You won't believe this but, in almost all the Olympic Games that have occurred between 1984 and 2004, Ghana has paid scarce foreign exchange to transport and care for athletes who had not even met the qualifying standard to go to the Games. Even in this age of computerization, outdated officials fail to recognize that despite conning Ghanaians about who is or is not qualified, they won't be able to pull the wool over the international organizations' eyes. So, our nationally-subsidized athletes get to Sydney or elsewhere, only to be told that they can't compete because they are not qualified. What a waste of money! And what a moral breaker, particularly for the other qualified athletes who were not selected. Yes, Ghanaian selectors invariably opt for athletes they like rather than those who are necessarily the fastest.
As I turn 45, I can tell you that corrupt selections, blaming of athletes for non-performance, and accusing athletes of indiscipline (somehow officials escape this tag) have been perennial in Ghanaian sport since my introduction as a teenager in the 1970s. If that isn't a reflection of being caught in a time warp, I don't know what is. Without changes in the way we run our sports, I see only a bleak result for country and the avid, deserving supporters of Ghana sports. The sad part of that is that many of the nation's children will continue to kill themselves to represent Ghana, only to held back by an artificial ceiling that need not be imposing. BESIDES MANAGERIAL AND ADMINISTRATIVE ALTERATIONS, WHAT ELSE DO YOU BELIEVE NEEDS ALTERATIONS? Not unrelated to what I have said above, we ultimately fall back to blaming our national performance on lack of resources and infrastructure. Trust me, having been an athlete in many sports I, too, subscribe to the school of thought that Ghanaian athletics needs infrastructural improvements. Heck, I think the last upgrade in almost-concrete running tracks was in 1978 or thereabouts. But, I caution Ghanaians to refrain from thinking that replacing these—and I'll emphasize that upgrading is sorely needed—will lead to improvements. Even doubling the amount of money the government invests in sport will not yield the outcome we seek UNTIL we fix the way we organize our sport. Although our tracks are deplorable, we have to understand that many of our predecessors were putting out far more respectable performances on cinder and grass tracks in Ghana in the 1960s and 1970s. My advise then is that the optimal improvement we seek in our sports in general, will only come with an overhaul in both the infrastructural AND managerial/leadership departments. While we wait for the financial investments in the former, we can enhance our circumstances by addressing the latter. I suggest this low-cost remedy (albeit needy of a strong national commitment) will yield high profit. I hope our government will act to move Ghana into the 21st Century in sport!,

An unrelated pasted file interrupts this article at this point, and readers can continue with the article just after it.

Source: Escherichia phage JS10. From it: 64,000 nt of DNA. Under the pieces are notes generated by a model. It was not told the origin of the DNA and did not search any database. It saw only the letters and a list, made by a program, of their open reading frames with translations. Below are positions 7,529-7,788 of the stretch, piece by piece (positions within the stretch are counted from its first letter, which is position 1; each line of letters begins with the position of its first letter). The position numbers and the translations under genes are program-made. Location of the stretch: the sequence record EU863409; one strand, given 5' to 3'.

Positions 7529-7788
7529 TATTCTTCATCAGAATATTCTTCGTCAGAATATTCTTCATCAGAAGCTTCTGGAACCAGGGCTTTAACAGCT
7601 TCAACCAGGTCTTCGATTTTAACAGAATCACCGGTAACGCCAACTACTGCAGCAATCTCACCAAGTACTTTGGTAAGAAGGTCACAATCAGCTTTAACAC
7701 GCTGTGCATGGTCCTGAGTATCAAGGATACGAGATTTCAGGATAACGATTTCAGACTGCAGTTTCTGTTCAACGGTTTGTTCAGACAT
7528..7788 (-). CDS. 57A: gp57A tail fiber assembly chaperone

WHY DO YOU THINK THESE ALTERATIONS HAVE NOT TAKEN PLACE? Most people understand the physical health benefits of sport. Still, I think if we had a fuller appreciation of the contributions that sport makes to a national society—financially (in the 21st Century), morale-wise, in terms of national cohesion, psychologically (both at the individual level and in terms of national psyche, etc.)—the national elite would give it more attention. As it stands, sport continues to be looked at something as a pastime that the lower classes indulge in more. For the upper classes, it continues to be seen as a recreational endeavor; many parents still shoo their kids away from sport, and urge them to rather focus on their books…as though there was a necessary incompatibility between the two. That's how the average person has been programmed to think about sport in Ghana and, yes, you've got it, that perspective would fit under the rubric of what I define as NOT 21st Century thinking. All you have to do is reflect on what baseball earnings (for individual players) have done for developing countries like the Dominican Republic, to understand what sport can do for nations today. We are not there and we need to get there…soon.